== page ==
You all can remember Wyatt Wriedt however you want to, but I am going to choose to remember who for who he is.  He is one of the best upperweight wrestlers to ever hit the Iowa HS wrestling scene in the 2010’s. He was a fun wrestler to watch. He was an upperweight, yet the way he moved around on the mat as well as the technique in his arsenal was more consistent with something you would see from a 152 lber.  An incredibly athletic individual. If he were to have the frame he does now, but were maybe 2-3 inches taller, he’d likely be a D1 standout in football right now.  He had a blast-double from the feet that sent plenty of big guys’ feet airborne the moment he made contact and had an array of pinning combinations that he would systematically utilize from the top position. And he has a seemingly endless motor and is one of the best wrestlers I’ve seen in a long time in terms of capitalizing on positive momentum when it’s there. If he gets on a roll where he starts scoring, good luck stopping him, for it seems like with every point he racks up, it adds fuel to his fire and he is quite capable of tacking on a ton of points before the other guy even knows what hits him.

I feel obligated to make it right for Wyatt Wriedt and North Scott wrestling. Not to mention, the “D3/D2/NAIA Weighs-In” series is something I’d like to do more of. Wyatt Wriedt is currently at D3 current powerhouse, Loras College where he is under the tutelage of “legend in the making” head wrestling coach, TJ Miller and the rest of the incredible Loras staff they have in place. As a former Duhawk myself, it is a very cool thing to see that the reigns were handed from a great coach who I have the utmost respect for in Randy Steward to someone like TJ who will continue to keep Loras Wrestling on the map as one of the top D3 wrestling teams of the present and foreseeable future. 


Here is a reel I put together for Wyatt. He chose the song, “Sweet Caroline,” and it worked PERFECTLY. 


Who or what encouraged you to give wrestling a try?

My father back in kindergarten.


Do you have any family who wrestled or wrestles currently? Parents, children, brothers, etc.? How did they do?



How proud are you of your North Scott roots?

Words can not describe how proud I am and will always be say I am from North Scott.


How would you describe your coaches at North Scott? How much of an impact have they had in your life?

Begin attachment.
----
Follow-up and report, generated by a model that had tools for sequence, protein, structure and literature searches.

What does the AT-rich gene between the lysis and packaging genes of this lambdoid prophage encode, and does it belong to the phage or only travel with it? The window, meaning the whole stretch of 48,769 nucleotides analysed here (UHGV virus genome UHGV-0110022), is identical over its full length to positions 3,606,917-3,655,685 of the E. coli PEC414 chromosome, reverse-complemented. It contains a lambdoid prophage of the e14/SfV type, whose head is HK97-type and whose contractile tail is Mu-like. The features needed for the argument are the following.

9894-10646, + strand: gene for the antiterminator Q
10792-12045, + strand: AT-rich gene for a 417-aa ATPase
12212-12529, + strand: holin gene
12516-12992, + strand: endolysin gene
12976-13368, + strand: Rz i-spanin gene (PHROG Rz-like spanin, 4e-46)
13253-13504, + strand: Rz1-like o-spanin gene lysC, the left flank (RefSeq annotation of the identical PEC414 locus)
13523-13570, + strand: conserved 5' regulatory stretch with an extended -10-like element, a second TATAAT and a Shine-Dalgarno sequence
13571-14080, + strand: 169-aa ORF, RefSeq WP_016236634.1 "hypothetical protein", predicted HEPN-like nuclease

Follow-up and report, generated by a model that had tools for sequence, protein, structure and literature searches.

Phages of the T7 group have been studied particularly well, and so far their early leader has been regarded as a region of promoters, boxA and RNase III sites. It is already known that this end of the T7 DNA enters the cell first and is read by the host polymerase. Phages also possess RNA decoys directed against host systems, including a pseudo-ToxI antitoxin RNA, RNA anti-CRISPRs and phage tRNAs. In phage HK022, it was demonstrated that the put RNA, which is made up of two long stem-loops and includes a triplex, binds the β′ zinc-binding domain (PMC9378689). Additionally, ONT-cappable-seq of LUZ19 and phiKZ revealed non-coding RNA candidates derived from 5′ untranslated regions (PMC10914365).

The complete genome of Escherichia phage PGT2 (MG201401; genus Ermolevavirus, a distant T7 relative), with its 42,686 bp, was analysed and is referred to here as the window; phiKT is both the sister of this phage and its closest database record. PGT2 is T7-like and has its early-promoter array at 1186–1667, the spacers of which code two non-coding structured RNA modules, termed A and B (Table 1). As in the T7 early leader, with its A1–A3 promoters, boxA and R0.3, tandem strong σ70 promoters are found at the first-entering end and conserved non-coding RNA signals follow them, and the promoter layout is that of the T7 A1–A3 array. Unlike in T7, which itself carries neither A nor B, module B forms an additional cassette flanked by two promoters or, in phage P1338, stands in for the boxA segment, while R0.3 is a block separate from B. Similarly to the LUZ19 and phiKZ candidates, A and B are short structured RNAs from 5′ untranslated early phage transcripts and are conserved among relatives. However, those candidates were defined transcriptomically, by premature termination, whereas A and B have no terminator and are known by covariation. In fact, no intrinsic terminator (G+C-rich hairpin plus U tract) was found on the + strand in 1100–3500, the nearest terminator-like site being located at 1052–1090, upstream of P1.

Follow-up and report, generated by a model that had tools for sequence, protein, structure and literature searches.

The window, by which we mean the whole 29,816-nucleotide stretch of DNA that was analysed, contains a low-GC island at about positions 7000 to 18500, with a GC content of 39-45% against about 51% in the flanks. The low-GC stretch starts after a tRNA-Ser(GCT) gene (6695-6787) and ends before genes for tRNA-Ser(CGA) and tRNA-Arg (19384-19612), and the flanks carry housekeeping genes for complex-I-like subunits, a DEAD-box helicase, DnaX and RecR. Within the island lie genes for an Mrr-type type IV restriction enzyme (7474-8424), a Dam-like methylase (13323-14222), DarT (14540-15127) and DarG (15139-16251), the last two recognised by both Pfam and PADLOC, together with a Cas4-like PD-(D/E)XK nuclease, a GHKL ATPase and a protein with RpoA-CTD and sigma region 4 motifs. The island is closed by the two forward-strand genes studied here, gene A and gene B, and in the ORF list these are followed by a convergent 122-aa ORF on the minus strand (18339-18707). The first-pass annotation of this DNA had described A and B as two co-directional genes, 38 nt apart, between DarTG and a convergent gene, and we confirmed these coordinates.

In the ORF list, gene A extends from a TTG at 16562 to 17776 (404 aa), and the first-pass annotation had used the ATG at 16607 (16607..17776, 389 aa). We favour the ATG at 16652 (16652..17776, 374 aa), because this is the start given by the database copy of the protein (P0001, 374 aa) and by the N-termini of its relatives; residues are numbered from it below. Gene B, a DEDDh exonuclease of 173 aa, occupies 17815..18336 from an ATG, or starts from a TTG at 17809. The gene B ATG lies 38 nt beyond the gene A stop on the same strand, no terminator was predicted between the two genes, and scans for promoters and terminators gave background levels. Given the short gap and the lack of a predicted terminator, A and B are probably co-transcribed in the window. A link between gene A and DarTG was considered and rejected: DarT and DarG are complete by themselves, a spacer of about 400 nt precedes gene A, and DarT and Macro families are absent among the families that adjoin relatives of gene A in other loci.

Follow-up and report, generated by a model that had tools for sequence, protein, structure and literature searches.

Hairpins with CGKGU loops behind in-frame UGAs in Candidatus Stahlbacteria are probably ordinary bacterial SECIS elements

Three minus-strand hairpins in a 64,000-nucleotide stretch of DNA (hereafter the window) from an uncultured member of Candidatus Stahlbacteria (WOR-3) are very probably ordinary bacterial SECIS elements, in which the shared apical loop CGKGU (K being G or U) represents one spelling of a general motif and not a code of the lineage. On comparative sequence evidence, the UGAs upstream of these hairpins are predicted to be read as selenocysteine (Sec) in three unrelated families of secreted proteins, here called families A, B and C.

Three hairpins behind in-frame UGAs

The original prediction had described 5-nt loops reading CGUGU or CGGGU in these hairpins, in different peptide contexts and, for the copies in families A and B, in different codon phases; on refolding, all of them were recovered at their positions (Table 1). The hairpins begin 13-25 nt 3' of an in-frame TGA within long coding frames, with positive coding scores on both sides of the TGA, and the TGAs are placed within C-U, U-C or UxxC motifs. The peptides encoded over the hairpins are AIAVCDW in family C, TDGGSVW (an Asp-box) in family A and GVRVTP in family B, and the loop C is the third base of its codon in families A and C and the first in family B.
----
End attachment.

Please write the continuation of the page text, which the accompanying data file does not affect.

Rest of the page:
Coach Kelly and Ambrose are two of the best coaches I have ever had and it goes deeper then just wrestling,

but outside of wrestling. They helped coach me through life. They showed me what hard work really is and how much you can push yourself. Also Coach Denison, Coach Kriter and Dan Mashek were great. Like, come on name a better staff!


What were your youth results? Any rivals there?

Only placed and kids state like 2 times.


What was your record in HS?

No clue.


How did you place at state every year?

3rd sophomore
1st junior
1st senior


What were some of the most notable adverse challenges or moments you experienced in wrestling to this point and how did it turn out?

The hardest challenge so far has been tearing my knee up and taking so much time off the sport and trying to find my “old Wyatt wrestling style” and it has been hard for me. Confidence is key in wrestling and when you don’t go out on the mat with that, 9 times outta ten you won’t win. Still a work in progress.


Who was your most influential coach?

My two biggest influential coaches would be Dom Bradley and Brodie Ambrose.


Was your team competitive in HS/college?

North Scott always placed top 10 at state. Loras is arguably the best d3 college in the nation so I’d say yes.


Who was your most influential wrestler that you looked up to growing up?

I’d probably have to say Gwiz.


What was the most upset you ever felt after a loss?

That’s a hard question to answer because when I go wrestle I don’t leave anything on the mat so if I lose, I find the positives out of the match and then also work to fix the mistakes, but off the top of my head probably last year at regionals against Duncan Lee.